Mixtank/Batch type slakers are best suited to applications in which the lime slaking rate is relatively low and the quicklime and water sources do not change. They are by far the least expensive to install, but come at a cost of efficiency and quality of lime slurry produced. This type of slaker can produce a carefully metered batch often using load cells to weigh the inputs, however they are not able to react to changes in quicklime quality, water temperature or other changes to process conditions.
A typical batch slaker consists simply of an agitated tank. Water and lime are fed into the tank, agitated for a set period of time then discharged to a storage tank. Most batch slakers will pass the discharge through grit removal system (vibratory screen or inclined screw) before discharging into the process or storage tank. Some will use a dish bottom tank in an effort to prevent grit from building up in the slaker, while others may be designed to only run on powdered quicklime where grit is not required to be screened.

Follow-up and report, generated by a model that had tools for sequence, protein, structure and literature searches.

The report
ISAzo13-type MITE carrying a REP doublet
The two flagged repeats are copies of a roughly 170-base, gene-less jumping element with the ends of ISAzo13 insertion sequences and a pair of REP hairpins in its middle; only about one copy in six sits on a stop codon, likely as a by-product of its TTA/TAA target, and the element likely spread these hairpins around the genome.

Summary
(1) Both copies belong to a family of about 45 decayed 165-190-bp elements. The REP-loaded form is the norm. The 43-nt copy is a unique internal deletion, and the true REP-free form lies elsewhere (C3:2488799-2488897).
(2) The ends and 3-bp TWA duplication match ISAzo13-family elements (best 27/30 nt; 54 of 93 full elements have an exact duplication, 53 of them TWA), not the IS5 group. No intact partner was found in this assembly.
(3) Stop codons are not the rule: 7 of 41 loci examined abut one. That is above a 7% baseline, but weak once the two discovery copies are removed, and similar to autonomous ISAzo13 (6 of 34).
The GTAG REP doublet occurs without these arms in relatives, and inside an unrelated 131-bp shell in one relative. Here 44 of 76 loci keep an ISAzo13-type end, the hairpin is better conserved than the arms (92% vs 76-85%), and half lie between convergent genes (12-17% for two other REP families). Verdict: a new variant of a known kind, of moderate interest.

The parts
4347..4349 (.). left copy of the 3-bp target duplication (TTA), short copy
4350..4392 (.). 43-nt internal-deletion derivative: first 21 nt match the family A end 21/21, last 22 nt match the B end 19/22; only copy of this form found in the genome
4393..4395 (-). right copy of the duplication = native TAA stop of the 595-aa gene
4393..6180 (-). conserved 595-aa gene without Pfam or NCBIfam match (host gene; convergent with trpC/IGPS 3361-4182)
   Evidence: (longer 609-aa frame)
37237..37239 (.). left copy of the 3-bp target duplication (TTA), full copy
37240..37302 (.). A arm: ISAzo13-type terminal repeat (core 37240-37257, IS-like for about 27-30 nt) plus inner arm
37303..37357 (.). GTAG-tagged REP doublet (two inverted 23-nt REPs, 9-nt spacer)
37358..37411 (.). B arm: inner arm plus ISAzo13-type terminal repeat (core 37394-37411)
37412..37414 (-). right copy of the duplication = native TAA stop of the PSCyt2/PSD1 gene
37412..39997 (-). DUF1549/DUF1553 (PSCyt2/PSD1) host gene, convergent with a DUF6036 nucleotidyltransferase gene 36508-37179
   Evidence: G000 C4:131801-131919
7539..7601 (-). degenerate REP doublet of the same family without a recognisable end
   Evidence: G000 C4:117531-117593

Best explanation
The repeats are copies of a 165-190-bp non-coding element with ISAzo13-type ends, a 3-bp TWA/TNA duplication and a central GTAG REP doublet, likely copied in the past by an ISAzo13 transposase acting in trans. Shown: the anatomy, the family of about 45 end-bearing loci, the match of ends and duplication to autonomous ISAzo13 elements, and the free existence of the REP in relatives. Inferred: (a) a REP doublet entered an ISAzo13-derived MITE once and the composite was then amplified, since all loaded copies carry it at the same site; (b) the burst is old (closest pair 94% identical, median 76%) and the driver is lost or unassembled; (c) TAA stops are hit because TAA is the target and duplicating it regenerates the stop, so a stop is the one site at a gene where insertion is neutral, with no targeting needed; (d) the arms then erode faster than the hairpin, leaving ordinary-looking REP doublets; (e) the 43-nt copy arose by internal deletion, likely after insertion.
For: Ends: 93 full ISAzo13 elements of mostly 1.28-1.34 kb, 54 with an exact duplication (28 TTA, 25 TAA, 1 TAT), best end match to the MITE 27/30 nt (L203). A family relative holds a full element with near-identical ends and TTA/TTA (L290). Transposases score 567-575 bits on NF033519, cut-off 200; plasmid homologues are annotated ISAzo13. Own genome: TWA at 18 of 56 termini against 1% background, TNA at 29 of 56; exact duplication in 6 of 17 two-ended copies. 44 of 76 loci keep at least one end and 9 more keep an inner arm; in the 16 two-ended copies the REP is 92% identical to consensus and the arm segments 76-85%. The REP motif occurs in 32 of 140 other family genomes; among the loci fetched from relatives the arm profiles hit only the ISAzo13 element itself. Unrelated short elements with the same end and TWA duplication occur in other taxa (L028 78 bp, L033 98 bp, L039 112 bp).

Mixtank/batch slakers are available in a wide range of slaking capacities, but are generally only practical up to 500 kg/hr. They operate at water to lime ratios between 3.5:1 to 6.0:1. The water to lime ratio is controlled by carefully monitoring the lime and water feed into the tank. Slaking temperature is monitored but not controlled, and because of the batch process the temperature does not reach a steady state as is the case with the other slaker types. Combined with a mixing that is not necessarily homogenous, this type of slaker is very difficult to optimize for maximum reactivity.
Because lime slurry quality is not a primary focus for mixtank/batch slakers, they are frequently run without preheating the water. This simplicity in operation comes at a cost of increased chemical consumption. Resulting slurry concentration can be set at any point below the point at which the slurry transitions from a “milk of lime” to a “paste” (between 25% and 35% for most lime/water combinations).